The ALJ assigned "little weight" to these opinions. Id. at 16. While the opinion of treating professionals is generally accorded superior weight, when as is the case here, it is contradicted by a supported examining professional's opinion ( e.g., supported by different independent clinical findings), the ALJ may resolve the conflict. Andrews, 53 F.3d at 1041. In doing so, the ALJ must set forth "specific and legitimate" reasons, that are supported by substantial evidence. Lester, 81 F.3d at 830. He has done so here.

The ALJ explained that the opinions of Drs. Booker and Korman postdated plaintiff's alleged onset date and date last insured, September 30, 2009, by more than a year and more than a year and a half, respectively. Id. The ALJ also noted that the objective medical findings before September 30, 2009, were mild. See id. at 15 (summarizing plaintiff's 2009 medical records, and noting that during this time, plaintiff "did not specify any specific complaints, " his "respiratory status had markedly improved, " and there was "no evidence of the use of any medications designed to treat physical problems"). In addition, the ALJ pointed to plaintiff's own testimony, that in 2009, his most significant medical problem was his benign tumor, not respiratory problems. Id. at 16. The ALJ found that this testimony was inconsistent with Drs. Booker and Korman's principal diagnosis of COPD. For these reasons, the ALJ properly rejected the opinions of Drs. Booker and Korman. See Lester, 81 F.3d at 831 (ALJ can reject a physician's opinion that is "in conflict with testimony from the claimant himself and with medical reports contained in the record" (discussing Andrews v. Shalala, 53 F.3d 1035 (9th Cir. 1995)); Magallanes v. Bowen, 881 F.2d 747, 754 (9th Cir. 1989) (ALJ properly rejected treating physician's opinion when it was not supported by objective medical findings pertaining to the relevant period of time). For these reasons, the ALJ properly discounted the opinions of Drs. Booker and Korman and the court finds no error.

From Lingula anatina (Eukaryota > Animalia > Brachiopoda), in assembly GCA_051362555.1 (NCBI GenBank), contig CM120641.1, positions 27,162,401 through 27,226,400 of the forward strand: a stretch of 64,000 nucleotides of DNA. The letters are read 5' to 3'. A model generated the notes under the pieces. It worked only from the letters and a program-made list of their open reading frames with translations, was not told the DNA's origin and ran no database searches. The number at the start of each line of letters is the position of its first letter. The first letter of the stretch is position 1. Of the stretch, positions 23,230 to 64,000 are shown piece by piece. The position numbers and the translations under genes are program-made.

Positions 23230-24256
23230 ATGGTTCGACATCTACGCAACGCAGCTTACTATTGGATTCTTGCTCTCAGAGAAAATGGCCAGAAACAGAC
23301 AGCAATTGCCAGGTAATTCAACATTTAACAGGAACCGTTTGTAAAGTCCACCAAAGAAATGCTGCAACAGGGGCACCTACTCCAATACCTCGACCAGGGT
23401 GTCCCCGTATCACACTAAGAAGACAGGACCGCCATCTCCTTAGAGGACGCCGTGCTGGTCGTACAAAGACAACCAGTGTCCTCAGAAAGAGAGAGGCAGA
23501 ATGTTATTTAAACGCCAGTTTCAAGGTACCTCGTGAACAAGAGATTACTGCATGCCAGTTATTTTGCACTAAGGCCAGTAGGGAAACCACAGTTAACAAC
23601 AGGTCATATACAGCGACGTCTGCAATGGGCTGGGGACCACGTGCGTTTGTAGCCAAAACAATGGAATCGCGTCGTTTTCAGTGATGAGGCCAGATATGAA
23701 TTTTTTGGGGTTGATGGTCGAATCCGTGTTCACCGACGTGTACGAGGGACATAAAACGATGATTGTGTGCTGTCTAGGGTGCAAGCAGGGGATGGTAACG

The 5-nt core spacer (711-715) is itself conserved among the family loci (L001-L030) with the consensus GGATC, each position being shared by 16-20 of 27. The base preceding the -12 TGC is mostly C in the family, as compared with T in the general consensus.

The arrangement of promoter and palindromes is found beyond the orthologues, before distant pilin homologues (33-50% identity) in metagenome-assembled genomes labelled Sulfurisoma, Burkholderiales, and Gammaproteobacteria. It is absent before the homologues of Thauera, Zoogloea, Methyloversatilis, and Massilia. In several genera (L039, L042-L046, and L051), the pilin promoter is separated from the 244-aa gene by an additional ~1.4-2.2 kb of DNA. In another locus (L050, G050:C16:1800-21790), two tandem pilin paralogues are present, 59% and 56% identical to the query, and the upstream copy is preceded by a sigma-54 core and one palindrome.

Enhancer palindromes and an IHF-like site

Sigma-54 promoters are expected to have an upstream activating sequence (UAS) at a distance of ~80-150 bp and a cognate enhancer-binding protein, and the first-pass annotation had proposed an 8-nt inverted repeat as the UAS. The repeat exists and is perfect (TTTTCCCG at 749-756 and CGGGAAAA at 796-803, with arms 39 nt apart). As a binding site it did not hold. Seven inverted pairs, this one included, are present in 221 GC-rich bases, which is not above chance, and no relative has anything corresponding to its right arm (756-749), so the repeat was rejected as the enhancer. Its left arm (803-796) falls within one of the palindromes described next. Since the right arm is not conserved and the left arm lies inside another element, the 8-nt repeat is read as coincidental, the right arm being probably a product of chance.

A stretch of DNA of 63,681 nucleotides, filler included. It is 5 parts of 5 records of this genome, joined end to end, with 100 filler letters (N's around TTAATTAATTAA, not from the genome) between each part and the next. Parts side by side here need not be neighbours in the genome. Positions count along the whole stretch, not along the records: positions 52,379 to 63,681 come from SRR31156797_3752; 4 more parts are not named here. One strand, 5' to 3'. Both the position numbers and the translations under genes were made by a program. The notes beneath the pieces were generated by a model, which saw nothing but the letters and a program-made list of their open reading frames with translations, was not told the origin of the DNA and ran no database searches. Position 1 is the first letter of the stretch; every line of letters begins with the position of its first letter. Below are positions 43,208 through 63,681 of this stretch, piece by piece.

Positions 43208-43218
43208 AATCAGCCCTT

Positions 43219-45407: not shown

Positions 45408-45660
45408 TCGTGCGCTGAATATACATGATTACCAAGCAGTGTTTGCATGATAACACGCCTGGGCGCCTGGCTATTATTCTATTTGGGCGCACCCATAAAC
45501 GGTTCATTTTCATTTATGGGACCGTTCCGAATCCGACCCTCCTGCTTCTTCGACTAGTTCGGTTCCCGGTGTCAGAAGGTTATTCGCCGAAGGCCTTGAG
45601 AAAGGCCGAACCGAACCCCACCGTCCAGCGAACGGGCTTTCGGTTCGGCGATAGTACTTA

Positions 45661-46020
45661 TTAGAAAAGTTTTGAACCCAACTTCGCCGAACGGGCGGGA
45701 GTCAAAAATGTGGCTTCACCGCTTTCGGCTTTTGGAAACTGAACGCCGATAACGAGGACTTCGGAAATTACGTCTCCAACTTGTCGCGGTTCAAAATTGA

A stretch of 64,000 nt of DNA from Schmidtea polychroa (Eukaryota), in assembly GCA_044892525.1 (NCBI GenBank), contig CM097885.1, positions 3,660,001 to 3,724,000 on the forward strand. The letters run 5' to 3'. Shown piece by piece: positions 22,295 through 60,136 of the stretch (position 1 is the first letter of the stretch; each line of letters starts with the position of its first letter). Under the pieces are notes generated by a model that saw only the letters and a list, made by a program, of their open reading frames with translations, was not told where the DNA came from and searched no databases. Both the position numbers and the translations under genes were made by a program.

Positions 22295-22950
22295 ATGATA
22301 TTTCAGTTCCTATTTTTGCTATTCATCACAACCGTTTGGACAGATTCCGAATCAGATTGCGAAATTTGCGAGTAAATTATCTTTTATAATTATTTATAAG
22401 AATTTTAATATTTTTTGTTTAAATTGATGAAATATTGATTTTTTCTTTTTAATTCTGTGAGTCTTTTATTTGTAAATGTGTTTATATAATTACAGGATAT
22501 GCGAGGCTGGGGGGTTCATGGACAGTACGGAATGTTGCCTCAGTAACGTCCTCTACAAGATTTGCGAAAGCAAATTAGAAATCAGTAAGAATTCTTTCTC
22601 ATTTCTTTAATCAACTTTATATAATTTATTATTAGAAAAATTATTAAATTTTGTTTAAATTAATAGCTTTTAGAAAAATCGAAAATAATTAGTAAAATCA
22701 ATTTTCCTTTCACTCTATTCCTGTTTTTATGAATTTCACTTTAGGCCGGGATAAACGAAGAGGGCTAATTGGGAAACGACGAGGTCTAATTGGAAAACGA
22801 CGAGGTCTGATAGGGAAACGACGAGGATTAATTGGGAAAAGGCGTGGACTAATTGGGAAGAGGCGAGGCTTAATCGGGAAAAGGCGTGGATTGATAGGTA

IV. CONCLUSION

The ALJ applied the proper legal standards and supported his decision with substantial evidence. Therefore, it is hereby ORDERED that:

1. Plaintiff's motion for summary judgment is denied;
2. The Commissioner's cross-motion for summary judgment is granted; and
3. The Clerk is directed to enter judgment in the Commissioner's favor.